Foley v Gleeson and Ors  QSC 234
The Supreme Court of Queensland was asked to interpret the correct meaning and effect of the terms of trust created under the deceased’s Will. Who were the beneficiaries and what was the extent of the trustees discretion to make payment to the different classes of beneficiaries?
The deceased executed his Will on 25 June 2010. Pursuant to the terms of the Will, the deceased bequeathed property to the trustees to hold upon trust for the deceased’s sister as the primary beneficiary and certain other relatives as secondary beneficiaries "as the trustees shall in their absolute discretion determine."
As the sister of the deceased had dementia (a fact that was known to the deceased when making his Will), the deceased named his sister as a beneficiary of the trusts created under his Will.
The sister, represented by her guardians, sought information regarding the money held in trust and requested that funds be released for her ongoing maintenance, benefit and care.
The solicitors acting on behalf of the trustees stated that the deceased’s sister had "no absolute entitlement to the funds" despite being named as a trust beneficiary and that therefore they had no obligation to release any of the funds to her.
Proceedings were then commenced to determine who was entitled to the funds and the extent of the trustees discretion to release funds.
The trustees submitted that the sister should not receive any distribution as the deceased did not trust her guardians and would not have wanted them to access the money on her behalf. As the terms of the trusts did not contain any words to that effect, the argument failed as:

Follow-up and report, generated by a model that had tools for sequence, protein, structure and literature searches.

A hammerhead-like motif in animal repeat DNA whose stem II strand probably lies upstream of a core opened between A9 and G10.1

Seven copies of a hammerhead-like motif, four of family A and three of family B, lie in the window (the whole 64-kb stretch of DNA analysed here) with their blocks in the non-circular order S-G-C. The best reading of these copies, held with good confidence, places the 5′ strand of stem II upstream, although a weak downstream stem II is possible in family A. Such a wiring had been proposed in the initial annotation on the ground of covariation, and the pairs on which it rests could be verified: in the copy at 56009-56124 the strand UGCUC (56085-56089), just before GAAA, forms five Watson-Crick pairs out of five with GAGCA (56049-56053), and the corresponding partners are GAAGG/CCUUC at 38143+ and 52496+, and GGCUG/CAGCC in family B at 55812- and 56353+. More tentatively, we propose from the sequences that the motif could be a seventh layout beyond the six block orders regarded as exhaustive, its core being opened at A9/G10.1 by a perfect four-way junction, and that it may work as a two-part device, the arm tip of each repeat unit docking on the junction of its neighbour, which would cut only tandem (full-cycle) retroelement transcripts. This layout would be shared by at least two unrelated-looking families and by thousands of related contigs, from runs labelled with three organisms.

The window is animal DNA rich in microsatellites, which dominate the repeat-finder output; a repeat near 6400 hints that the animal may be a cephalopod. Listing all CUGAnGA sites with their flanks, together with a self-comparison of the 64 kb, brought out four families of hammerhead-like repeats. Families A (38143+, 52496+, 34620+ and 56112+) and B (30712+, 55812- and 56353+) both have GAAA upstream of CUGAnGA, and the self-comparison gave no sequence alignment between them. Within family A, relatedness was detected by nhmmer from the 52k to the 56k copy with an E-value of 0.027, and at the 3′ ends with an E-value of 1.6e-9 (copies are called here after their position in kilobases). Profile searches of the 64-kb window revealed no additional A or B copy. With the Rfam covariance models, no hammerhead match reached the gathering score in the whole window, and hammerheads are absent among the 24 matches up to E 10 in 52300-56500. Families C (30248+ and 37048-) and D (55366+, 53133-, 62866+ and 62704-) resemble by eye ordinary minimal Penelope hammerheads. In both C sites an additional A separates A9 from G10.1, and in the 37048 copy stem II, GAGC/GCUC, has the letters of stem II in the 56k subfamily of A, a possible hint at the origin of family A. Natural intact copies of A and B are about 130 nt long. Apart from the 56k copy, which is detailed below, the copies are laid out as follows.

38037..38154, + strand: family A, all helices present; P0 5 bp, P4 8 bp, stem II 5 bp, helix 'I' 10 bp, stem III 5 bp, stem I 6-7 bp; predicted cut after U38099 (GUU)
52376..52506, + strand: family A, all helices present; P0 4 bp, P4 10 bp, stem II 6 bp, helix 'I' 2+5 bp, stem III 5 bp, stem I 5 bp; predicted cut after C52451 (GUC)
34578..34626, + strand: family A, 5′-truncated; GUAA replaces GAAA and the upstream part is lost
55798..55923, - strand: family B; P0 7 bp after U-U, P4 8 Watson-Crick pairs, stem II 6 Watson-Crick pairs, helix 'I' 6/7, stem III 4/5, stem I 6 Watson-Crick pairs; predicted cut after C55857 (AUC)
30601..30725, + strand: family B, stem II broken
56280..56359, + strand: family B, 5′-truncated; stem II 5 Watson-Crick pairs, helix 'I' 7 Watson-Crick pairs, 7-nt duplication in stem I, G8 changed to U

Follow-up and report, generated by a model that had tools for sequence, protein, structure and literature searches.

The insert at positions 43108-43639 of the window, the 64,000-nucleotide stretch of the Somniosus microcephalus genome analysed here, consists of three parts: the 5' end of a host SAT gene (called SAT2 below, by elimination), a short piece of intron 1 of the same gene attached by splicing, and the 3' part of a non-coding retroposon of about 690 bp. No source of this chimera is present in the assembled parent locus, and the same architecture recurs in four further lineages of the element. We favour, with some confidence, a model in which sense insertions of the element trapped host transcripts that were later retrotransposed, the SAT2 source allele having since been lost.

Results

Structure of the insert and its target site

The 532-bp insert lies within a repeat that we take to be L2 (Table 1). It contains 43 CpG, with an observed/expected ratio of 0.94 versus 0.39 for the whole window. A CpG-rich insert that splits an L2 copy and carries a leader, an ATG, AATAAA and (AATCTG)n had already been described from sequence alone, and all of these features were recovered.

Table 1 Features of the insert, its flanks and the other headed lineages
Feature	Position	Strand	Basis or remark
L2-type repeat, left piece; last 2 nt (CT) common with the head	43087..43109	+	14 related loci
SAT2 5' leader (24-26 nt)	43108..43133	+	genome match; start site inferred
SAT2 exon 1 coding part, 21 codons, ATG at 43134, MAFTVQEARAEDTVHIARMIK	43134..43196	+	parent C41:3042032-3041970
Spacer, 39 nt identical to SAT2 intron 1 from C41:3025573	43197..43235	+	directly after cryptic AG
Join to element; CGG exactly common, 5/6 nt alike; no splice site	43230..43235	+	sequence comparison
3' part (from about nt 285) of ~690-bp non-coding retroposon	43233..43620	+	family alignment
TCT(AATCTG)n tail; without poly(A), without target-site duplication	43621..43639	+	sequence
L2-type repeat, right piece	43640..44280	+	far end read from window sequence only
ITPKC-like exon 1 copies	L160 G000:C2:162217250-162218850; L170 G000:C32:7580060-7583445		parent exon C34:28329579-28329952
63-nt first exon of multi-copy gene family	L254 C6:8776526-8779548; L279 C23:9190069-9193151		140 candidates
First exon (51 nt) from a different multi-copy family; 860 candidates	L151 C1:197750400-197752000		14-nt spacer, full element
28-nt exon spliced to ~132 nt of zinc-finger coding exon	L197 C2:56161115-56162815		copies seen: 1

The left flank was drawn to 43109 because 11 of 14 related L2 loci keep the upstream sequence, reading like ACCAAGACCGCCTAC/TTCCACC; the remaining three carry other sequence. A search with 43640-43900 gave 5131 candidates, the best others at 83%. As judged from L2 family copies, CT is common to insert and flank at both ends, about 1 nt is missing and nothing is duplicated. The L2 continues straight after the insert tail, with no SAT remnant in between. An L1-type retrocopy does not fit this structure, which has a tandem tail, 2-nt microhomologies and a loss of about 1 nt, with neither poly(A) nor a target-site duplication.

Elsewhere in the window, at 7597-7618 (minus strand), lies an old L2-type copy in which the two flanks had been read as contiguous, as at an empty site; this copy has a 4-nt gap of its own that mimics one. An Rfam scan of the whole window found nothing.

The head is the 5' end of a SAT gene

- the Will gave the trustees a general power to make payments to a guardian of a beneficiary where such beneficiary was suffering from an incapacity.
- by naming his sister as a primary beneficiary, the deceased clearly intended that she would receive a benefit from his estate.
The Court considered the wording of the trusts carefully and in particular considered the deliberate distinction between primary and secondary beneficiaries. The Court held that the distinction between the classes of beneficiaries demonstrated the testator’s intention for each class of beneficiary to have a different status and priority. The trustees therefore had an obligation to consider the needs of the primary beneficiary in comparison to the secondary beneficiaries.
The Court found that the sister was clearly entitled to receive a distribution from the trust and that the trustees had an obligation to consider her needs as the primary beneficiary of the trust. The sister did not however, have an unqualified and unconditional interest in the funds and the trustees did also have the power and discretion to make payments to the secondary beneficiaries.
Despite that discretion the trustees had a duty to exercise it in good faith. In doing so, the trustees must give a real and genuine consideration to the affairs and circumstances of all the beneficiaries, particularly those of a primary beneficiary.
Comment: This case reflects the importance of clear and careful Will drafting to ensure that the intentions of the Willmaker are fulfilled - for example, to state that appropriate distributions are made.
This case also provides guidance to trustees when given the power to make distributions in their absolute discretion. Whilst a trustee may have the ability to made distributions of capital and income to a range of beneficiaries, it is important to note that the trustee’s discretion is exercised carefully and with proper consideration of the needs of the beneficiaries.